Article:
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X47 Second Nola (215 BC)

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2nd Battle of Nola 215 BC

Carthaginians vs Romans

Historical Background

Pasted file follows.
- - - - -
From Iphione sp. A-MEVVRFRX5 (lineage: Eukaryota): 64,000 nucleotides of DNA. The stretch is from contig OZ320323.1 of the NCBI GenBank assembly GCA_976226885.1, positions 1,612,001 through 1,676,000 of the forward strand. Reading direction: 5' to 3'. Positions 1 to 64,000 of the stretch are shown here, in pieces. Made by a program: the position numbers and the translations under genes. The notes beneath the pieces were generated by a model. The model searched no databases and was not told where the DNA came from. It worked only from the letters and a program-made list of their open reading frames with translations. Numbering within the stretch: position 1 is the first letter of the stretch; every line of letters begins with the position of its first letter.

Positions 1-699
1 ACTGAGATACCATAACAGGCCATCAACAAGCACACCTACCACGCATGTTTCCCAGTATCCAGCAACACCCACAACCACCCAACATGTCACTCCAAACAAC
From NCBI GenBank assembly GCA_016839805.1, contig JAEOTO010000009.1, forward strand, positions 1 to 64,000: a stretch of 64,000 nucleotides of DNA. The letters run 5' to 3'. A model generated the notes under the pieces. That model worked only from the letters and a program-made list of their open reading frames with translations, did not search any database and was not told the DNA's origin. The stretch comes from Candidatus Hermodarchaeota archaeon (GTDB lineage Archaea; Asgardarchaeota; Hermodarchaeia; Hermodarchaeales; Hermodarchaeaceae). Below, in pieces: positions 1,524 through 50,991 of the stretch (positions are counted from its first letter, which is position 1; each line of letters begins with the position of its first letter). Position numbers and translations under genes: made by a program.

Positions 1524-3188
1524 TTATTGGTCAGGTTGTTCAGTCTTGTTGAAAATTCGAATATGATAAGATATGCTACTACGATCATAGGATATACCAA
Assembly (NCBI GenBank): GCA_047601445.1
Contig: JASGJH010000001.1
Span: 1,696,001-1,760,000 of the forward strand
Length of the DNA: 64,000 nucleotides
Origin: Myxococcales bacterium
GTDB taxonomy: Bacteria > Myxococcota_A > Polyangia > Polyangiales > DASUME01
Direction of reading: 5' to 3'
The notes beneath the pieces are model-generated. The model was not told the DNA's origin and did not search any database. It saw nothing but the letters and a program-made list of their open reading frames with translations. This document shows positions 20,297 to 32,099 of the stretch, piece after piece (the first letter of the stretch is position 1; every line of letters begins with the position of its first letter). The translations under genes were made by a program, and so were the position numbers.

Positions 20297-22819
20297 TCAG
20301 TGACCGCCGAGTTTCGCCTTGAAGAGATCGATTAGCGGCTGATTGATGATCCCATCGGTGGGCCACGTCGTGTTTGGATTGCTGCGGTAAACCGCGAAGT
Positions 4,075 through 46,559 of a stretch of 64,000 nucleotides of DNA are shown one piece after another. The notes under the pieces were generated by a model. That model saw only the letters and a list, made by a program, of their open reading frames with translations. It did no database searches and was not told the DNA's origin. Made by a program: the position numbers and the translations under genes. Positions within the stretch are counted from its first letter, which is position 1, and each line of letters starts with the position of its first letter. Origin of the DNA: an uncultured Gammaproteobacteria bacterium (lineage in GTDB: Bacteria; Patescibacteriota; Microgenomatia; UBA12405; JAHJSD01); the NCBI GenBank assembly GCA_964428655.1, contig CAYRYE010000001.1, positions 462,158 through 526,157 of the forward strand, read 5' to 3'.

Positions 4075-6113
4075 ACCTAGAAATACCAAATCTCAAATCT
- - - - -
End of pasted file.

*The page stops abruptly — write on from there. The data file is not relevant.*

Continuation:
“Near Nola, Hanno joined his chief with a part of the four thousand recruits and elephants from Carthage, a much needed reinforcement, and one which however small, sensibly cheered the veterans of the harassed Punic army.” “Hannibal first tried to gain Nola by treachery, but failed. This town seemed to be a stumbling block for him. As on the first occasion, when he advanced to the assault, expecting nothing less than the repetition of the counterattack of some months previous, Marcellus, watching the opportune moment, rushed from the gates with such vehemence that he drove in the head of Hannibal’s column at the first shock. Hannibal got the men, however, speedily in hand. The fight was sharp but undecided. A heavy thunderstorm put an end to this day, and Hannibal sat down before the town.” “Three days after, when a strong party of foragers-a considerable part of the whole army-had gone out from the Carthaginian camp, Marcellus seized this opportunity…to draw up in battle array outside the town and offered battle. Nothing loath, though not in force, Hannibal accepted the gage. The distance between the town and Hannibal’s camp was about a mile. In this space the forces met. Marcellus had armed the citizens of Nola, and held them in reserve…the Carthaginian foragers, attracted by the tumult, returned in season to act as a reserve to Hannibal. The Romans opened the battle by their usual attack, made with great vigor, under Marcellus’ inspiring conduct. Equally stanch was Hannibal’s defense. The battle hung in the balance for many hours; the fighting was stubborn and bloody; but apparently without any maneuvering. Finally Roman discipline asserted itself. That the Roman soldier was much better than any but the few veterans of Hannibal is well shown by the victories he won so soon as he got good generals. The flat ground was not such as to enable Hannibal to take advantage of stratagem. He was driven back to his camp-according to Livy-with a loss of five thousand men killed, six hundred prisoners, six elephants, and nineteen standards. Marcellus withdrew into Nola claiming the loss of but one thousand men. ..Next day, under a tacit truce , each party buried its dead.” “Thus Livy. But his account properly summed up, looks more like a drawn battle than the doubtless overstated Carthaginian casualties warrant. If Hannibal retired to his camp so did Marcellus to Nola. If Marcellus had won so marked a victory, how did Hannibal save his army on a perfectly flat plain? Why should there have been a “tacit truce” to bury the dead when Marcellus had control of the field of battle? That Hannibal did not win a victory seems certain, for the proconsul held Nola. That Marcellus won one is, to say the least doubtful. All the statements of Livy, weighed together, point clearly to a drawn battle….” (From Theodore Ayrault Dodge’s classic 1891 work Hannibal pages 419-421)